Len Wein -Rare & Top #77 Famous Sayings Quotes of Len Wein

Wein’s first professional comics story was “Eye of the Beholder” in DC’s Teen Titans #18 (Dec. 1968), where with co-writer and fellow future-pro Marv Wolfman he introduced the male character Starfire who was eventually renamed Red Star. Wein later began scripting sporadic issues of such DC superhero titles as Adventure Comics (featuring Supergirl and Zatanna), The Flash, and Superman, while continuing to write anthological mysteries, along with well-received stories for the semi-anthological occult title The Phantom Stranger #14–26 (Aug. 1971 – Sept. 1973).

Top 10 quotes of Len Wein

“What makes a story is how well it manages to connect with the reader, the visceral effect it has.”
— Len Wein

When I’m my own editor, there’s very little difference between the first draft and the final. I write what feels right to begin with. I rarely make any major changes.
Len Wein

I think jazz and comic books are probably the two uniquely American art forms.
Len Wein

A writer writes. Period. No matter if someone is buying your work or not.
Len Wein

Unfortunately, there are writers whose only concern is how good they could make themselves look on a title.
Len Wein

A true friend is someone who is there for you when he’d rather be anywhere else.
Len Wein

Art is always in the eyes of the beholder. Only posterity has the right to point out our mistakes.
Len Wein

“Unfortunately, there are writers whose only concern is how good they could make themselves look on a title.”
— Len Wein

“I realized the only thing I owed my audience was my own judgment and my own best effort.”
— Len Wein

There is an ancient legend which warns that, should we ever learn our true origin, our universe will instantly be destroyed.
Len Wein

Len Wein -Rare & Top #77 Famous Sayings Quotes of Len Wein

Rare quotes of Len Wein

At the end of the 1970s, following a dispute with Marvel management, Wein returned to DC as a writer and then eventually an editor. He scripted a long run of Batman and collaborated on Green Lantern with artists Dave Gibbons and Mark Farmer. He also dialogued the mini-series Legends over the plots of John Ostrander and the artwork of John Byrne and Karl Kesel. As editor, he worked on the first mini-series Camelot 3000, and such successful series as The New Teen Titans, Batman and the Outsiders, Crisis on Infinite Earths, All-Star Squadron, and Alan Moore and artist Dave Gibbons’s acclaimed and highly influential Watchmen miniseries.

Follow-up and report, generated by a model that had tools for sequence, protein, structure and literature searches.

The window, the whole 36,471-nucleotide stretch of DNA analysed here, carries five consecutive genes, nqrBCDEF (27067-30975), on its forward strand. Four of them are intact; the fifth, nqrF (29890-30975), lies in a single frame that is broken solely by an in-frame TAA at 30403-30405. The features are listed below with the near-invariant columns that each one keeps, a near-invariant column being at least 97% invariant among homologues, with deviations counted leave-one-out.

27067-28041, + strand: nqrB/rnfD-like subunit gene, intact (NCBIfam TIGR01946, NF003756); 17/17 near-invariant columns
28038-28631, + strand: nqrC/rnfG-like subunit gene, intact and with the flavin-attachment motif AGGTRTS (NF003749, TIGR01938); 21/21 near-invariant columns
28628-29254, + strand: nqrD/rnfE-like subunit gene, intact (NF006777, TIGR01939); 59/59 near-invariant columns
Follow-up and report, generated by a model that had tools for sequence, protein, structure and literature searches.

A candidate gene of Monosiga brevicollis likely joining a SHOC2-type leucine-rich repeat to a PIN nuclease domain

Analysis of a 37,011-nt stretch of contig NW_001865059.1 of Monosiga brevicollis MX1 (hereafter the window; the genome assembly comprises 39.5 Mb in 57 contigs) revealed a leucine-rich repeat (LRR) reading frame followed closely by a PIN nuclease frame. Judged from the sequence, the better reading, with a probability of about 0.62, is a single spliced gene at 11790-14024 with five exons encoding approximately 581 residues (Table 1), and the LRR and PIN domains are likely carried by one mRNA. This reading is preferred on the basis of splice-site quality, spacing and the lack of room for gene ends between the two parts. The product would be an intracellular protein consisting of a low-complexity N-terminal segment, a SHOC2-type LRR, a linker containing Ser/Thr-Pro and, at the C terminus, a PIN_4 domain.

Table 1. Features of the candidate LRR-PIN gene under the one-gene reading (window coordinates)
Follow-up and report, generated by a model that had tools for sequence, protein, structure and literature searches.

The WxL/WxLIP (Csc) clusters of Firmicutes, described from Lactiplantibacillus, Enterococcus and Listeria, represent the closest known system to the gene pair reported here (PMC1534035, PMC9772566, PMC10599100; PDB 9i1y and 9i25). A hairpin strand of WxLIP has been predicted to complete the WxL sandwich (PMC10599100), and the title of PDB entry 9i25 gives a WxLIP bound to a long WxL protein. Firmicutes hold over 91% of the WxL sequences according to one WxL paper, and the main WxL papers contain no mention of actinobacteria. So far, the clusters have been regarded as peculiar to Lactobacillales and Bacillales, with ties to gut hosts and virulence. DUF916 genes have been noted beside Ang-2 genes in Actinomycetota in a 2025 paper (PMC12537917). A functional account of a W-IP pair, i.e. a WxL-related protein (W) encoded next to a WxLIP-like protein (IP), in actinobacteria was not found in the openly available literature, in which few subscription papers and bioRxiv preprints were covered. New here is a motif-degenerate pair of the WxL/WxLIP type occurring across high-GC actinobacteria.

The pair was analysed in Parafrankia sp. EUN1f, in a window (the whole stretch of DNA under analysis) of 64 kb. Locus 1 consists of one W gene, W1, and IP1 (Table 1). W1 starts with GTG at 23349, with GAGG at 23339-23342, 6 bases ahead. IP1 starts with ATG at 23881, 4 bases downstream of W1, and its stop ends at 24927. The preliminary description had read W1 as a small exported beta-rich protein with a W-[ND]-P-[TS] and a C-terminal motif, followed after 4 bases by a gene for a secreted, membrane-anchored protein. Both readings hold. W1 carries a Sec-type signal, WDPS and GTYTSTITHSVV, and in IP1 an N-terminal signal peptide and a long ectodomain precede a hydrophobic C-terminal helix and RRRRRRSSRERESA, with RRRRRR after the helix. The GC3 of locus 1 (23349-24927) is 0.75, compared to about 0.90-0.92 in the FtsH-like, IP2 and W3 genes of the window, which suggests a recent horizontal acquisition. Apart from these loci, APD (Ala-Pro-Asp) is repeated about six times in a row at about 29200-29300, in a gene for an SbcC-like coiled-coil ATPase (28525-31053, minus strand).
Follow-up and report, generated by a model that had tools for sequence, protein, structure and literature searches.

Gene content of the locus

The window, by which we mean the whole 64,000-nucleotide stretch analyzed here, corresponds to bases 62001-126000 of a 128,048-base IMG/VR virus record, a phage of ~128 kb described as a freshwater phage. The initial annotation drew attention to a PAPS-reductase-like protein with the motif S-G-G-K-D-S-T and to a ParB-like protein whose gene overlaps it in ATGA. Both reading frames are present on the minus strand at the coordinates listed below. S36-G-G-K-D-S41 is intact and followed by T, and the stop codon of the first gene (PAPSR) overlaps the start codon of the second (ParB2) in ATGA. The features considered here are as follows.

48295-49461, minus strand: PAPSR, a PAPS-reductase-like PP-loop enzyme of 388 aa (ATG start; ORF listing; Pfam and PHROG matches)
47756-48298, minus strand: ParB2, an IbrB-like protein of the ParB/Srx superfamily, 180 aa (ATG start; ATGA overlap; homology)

“These days, it seems that if you’re not already in place, you can’t get there from here.”
— Len Wein

“When I got my first glimpse of Hugh Jackman as Wolverine, my breath caught. In that single instant, he was Wolverine.”
— Len Wein

“In these litigious times, if you’re a beginner, it’s becoming harder and harder to get your work to the people who might actually be able to hire you.”
— Len Wein

The villain is always more entertaining because he has fewer limitations. The hero is bound by honor, by justice and by the law, sometimes.
Len Wein

I was a very sickly kid. While I was in the hospital at age 7, my Dad brought me a stack of comic books to keep me occupied. I was hooked.
Len Wein

It all depends on which side of the desk you’re sitting on.
Len Wein

Len Wein Quotes

Wein and artist Bernie Wrightson created the horror character Swamp Thing in The House of Secrets #92 (July 1971). Over the next several decades, Swamp Thing would star in DC series and miniseries — including an initial 1972–76 series begun by Wein and Wrightson, and the mid-1980s Saga of the Swamp Thing, edited by Wein and featuring early work by writer Alan Moore. He wrote a highly well-regarded run of Justice League of America (issues #100–118) with artist Dick Dillin.

The most unrealistic thing I’ve ever read in comics is when some group of characters calls themselves the Brotherhood of Evil or the Masters of Evil. I don’t believe any character believes their goals to be truly evil.
Len Wein

I’ve always been the audience that I wanted to reach, so I write for myself.
Len Wein